06/07/2014 07:31 am ET | Updated Jun 07, 2014

15 Spiritual Books To Take To The Beach This Summer

Nothing says summer more than a trip to the beach; and nothing says beach more than a good book. The warm weather and calm splash of waves offers the perfect setting to settle down with a book that makes us think and realign with our spiritual core.

Author Anna Quindlen writes: "Books are the plane, and the train, and the road. They are the destination, and the journey. They are home."

Here are 15 spiritual books that will help you "come home" this summer and take your beach trips to the next level of enlightenment:

  • Siddhartha
    Herman Hesse's Siddhartha tells the story of the Buddha from youth to old age in his quest for enlightenment. From royalty to homelessness to materialism to mindfulness, Siddhartha explores the inner recesses of his being and confronts some of life's biggest questions.
  • Gilead
    Gilead by Marilynne Robinson is the fictional autobiography of Reverend John Ames, written for his young son who he fears might not remember him after his death. More than an account of events, the book is a reflection on life, morality and family from the perspective of a man nearing his end.
  • The Red Tent
    Anita Diamant's The Red Tent is a creative retelling of the story of the Biblical Dinah. The sole daughter of Jacob, Dinah bears the weight of her divine path as she struggles to determine what her role in the larger narrative will be. Grief, disaster, love and spiritual reflection ensue.
  • Zen and the Art of Motorcycle Maintenance
    Zen and the Art of Motorcycle Maintenance by Robert M. Pirsig is the story of a father-son motorcycle trip across the U.S. The book is a meditation on life, values, fear, relationships and how to find meaning in a deeply confusing world. The protagonist's maintenance of his bike becomes a metaphor for the tweaking we all must do within ourselves to find this meaning.
  • Lord of the Rings Trilogy
    J.R.R. Tolkien's classic Lord of the Rings trilogy follow the hobbit Frodo and a band of his friends and associates on the greatest adventure of their lives. Mythological themes and characters provide the backdrop for a story about courage, power, camaraderie and the fate of a world on the brink of disaster.
  • The Dharma Bums
    The Dharma Bums by Jack Kerouac is a semi-autobiographical novel that describes the protagonist's exploration of Buddhism, mediation and larger spiritual themes. Through cross country travels, discussions with friends and inner reflections, the protagonist begins to develop a better understanding of himself and of his world.
  • The Alchemist
    Paulo Coelho's The Alchemist tells the story of Santiago, a young shepherd who goes on a sweeping journey in search of immense treasure. Along the way he learns the values of listening to our intuition and reading the signs that appear before us.
  • A Prayer for Owen Meany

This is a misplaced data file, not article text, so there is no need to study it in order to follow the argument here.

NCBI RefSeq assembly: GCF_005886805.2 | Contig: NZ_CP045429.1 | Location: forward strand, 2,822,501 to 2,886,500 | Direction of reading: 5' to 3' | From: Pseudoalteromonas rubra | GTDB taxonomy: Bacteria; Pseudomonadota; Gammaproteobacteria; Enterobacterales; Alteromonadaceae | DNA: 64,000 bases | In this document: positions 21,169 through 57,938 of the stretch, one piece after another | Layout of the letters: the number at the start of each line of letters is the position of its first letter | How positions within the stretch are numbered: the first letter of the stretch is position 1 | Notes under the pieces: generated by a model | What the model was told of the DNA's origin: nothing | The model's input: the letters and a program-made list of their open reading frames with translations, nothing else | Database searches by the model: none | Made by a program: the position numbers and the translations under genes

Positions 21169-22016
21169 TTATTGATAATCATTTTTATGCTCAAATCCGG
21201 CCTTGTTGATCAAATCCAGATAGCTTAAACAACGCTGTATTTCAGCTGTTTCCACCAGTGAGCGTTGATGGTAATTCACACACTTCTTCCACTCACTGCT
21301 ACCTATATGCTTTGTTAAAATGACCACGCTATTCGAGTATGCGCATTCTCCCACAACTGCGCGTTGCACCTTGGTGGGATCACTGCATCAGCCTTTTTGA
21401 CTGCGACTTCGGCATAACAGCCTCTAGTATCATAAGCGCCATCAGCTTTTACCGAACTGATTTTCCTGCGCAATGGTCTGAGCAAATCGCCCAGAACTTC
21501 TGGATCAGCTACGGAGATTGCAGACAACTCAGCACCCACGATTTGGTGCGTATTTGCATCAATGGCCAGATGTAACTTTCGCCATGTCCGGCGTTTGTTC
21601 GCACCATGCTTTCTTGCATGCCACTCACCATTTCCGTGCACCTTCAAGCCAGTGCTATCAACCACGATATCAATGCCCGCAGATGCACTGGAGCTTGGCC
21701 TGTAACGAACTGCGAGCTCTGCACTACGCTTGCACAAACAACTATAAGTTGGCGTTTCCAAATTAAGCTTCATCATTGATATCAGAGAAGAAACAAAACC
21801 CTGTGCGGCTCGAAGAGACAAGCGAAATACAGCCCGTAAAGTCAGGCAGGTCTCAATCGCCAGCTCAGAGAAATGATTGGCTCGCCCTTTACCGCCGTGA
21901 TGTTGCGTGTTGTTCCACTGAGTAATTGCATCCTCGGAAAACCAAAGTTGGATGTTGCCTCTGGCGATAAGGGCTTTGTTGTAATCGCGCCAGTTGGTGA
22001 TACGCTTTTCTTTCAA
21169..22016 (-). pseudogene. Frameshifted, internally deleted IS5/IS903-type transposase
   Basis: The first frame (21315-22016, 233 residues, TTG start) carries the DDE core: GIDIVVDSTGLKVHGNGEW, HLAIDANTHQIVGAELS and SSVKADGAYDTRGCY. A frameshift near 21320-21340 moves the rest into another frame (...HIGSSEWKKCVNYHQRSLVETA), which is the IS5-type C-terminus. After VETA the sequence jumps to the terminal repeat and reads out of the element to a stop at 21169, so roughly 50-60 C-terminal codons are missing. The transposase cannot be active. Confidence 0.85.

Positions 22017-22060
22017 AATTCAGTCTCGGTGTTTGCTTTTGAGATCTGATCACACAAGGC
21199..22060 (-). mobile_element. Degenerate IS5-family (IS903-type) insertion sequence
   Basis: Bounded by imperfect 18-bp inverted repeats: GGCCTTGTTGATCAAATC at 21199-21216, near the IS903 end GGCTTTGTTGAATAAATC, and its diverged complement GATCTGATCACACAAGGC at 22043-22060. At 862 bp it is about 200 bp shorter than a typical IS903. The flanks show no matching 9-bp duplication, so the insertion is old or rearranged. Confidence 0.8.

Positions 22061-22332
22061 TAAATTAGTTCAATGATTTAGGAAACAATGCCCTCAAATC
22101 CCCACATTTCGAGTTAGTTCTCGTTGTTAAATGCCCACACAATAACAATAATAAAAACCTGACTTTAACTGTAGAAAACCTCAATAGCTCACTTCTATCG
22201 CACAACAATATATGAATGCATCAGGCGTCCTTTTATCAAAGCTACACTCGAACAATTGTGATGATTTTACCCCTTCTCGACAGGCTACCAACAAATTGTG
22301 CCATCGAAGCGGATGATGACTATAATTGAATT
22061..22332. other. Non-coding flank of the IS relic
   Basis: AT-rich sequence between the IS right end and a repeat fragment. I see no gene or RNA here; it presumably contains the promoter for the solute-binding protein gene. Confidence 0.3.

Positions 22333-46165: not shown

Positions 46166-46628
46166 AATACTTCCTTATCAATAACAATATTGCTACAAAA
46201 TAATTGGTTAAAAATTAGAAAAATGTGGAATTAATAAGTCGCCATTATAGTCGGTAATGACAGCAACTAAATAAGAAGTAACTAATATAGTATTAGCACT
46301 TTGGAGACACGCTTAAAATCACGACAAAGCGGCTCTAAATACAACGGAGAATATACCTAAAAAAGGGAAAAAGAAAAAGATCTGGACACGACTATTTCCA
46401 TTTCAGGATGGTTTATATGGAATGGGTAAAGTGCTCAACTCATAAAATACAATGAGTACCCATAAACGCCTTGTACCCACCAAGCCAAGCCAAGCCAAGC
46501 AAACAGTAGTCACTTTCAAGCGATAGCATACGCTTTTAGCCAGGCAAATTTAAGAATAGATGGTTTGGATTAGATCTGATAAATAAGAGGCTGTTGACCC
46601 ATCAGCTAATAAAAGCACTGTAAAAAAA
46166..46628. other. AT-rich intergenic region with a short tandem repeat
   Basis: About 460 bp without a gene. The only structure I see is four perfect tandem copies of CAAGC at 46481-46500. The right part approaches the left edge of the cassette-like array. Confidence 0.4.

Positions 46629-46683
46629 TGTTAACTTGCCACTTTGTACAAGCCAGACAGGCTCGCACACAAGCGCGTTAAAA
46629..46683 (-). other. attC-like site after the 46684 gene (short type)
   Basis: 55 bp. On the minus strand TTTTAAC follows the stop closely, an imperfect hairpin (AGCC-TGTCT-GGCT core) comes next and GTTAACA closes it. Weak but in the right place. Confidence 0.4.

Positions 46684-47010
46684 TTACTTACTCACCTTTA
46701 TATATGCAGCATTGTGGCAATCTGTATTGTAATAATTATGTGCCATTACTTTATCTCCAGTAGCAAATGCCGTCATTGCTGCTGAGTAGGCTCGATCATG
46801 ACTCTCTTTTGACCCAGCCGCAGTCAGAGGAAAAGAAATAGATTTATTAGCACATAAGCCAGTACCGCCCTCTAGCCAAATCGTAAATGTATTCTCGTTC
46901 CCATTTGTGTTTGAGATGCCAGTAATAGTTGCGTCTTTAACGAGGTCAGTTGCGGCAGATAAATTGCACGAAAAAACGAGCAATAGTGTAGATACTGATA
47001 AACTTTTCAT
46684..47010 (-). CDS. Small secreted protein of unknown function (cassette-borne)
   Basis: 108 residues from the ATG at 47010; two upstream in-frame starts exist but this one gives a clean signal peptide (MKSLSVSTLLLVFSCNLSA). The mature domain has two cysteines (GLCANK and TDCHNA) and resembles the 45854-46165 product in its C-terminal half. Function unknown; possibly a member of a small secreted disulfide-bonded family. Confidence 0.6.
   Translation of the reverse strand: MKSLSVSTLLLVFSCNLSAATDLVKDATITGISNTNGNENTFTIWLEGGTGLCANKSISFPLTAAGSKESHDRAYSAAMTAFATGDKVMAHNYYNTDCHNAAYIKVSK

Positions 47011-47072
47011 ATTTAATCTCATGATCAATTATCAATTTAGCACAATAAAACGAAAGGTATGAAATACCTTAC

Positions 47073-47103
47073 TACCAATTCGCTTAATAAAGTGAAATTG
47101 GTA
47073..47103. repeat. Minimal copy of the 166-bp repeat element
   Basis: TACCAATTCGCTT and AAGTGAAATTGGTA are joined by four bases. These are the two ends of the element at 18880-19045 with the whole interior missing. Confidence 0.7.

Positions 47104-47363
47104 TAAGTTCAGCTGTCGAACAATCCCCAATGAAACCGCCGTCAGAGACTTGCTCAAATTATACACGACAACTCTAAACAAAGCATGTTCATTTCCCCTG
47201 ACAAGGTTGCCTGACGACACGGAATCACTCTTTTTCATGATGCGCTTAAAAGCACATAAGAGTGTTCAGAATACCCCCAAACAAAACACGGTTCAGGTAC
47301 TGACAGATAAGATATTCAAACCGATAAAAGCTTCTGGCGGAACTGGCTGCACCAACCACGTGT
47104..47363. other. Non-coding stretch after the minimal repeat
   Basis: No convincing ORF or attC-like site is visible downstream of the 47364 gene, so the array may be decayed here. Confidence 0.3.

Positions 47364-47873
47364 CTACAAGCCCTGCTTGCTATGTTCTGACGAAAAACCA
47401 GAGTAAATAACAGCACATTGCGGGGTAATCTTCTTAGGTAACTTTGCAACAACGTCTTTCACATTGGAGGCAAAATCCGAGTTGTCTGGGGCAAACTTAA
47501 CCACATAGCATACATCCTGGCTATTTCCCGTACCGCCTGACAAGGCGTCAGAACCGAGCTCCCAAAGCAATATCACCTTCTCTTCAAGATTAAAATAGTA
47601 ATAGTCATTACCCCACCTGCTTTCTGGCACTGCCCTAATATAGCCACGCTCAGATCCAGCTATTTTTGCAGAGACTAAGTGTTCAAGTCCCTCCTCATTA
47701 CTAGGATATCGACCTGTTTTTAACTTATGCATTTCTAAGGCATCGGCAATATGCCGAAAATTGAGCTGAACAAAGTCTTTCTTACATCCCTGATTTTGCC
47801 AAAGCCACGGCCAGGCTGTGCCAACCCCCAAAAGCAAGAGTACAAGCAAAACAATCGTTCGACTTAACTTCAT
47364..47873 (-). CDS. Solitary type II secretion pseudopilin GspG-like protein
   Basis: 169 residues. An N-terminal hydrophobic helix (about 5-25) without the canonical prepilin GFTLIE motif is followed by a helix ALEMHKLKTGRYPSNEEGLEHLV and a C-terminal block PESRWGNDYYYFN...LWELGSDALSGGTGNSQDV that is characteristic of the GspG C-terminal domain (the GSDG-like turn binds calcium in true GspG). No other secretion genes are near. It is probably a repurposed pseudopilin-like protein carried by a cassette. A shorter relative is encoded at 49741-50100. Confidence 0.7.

A Prayer for Owen Meany, by John Irving, is the story of two boys inextricably tied when one of the boys accidentally kills the other's mother. The boy responsible for the death comes to see himself as God's instrument -- which becomes more of a curse than a blessing.
  • The Mists of Avalon
    Marion Zimmer Bradley's The Mists of Avalon is a fictional retelling of the King Arthur legend through the eyes of Arthur's sister Morgaine. The novel explores the relationship between ancient paganism and emerging Christianity with Morgaine as a priestess caught in the middle.
  • Life of Pi
    Yann Martel's Life of Pi tells the harrowing story of Pi Patel, the son of a zookeeper who gets trapped on a ship in the middle of the ocean. Suffice it to say, he has plenty of time to ponder existence, face his fear and consider the scope of his life.
  • Everything Is Illuminated
    Jonathan Safran Foer's novel Everything Is Illuminated tells the story of a young man in search of the woman who may have saved his grandfather from the Nazis during the Holocaust. Through the journey he learns more about his family, himself and the unpredictable world in which he lives.
  • The Reluctant Fundamentalist
    The Reluctant Fundamentalist by Mohsin Hamid brings home the reality of post-9/11 America for many Muslims. The protagonist tells his story of struggle and discrimination after the September 11 attacks .
  • Stranger in a Strange Land
    Robert A. Heinlein's fantastical novel, Stranger in a Strange Land, puts readers in the shoes of a Martian man who arrives on Earth. Through this man the other characters learn "grokking", a process by which people come to know and love one another.
  • Creation
    Creation by Gore Vidal takes readers on a sweeping tour of the ancient world. Protagonist Cyrus Spitama, the grandson of a prophet, meets with the likes of Buddha, Tao Master Li and Confucius, ultimately ending up in ancient Greece where he strives to answer some of life's big questions.
  • Letters to a Young Poet
    Letters to a Young Poet is a collection of letters by poet Rainer Maria Rilke to Franz Xaver Kappus, a young military cadet. Rilke discusses the importance of developing a rich inner life to create compelling art.


Meditation 101 Reading List
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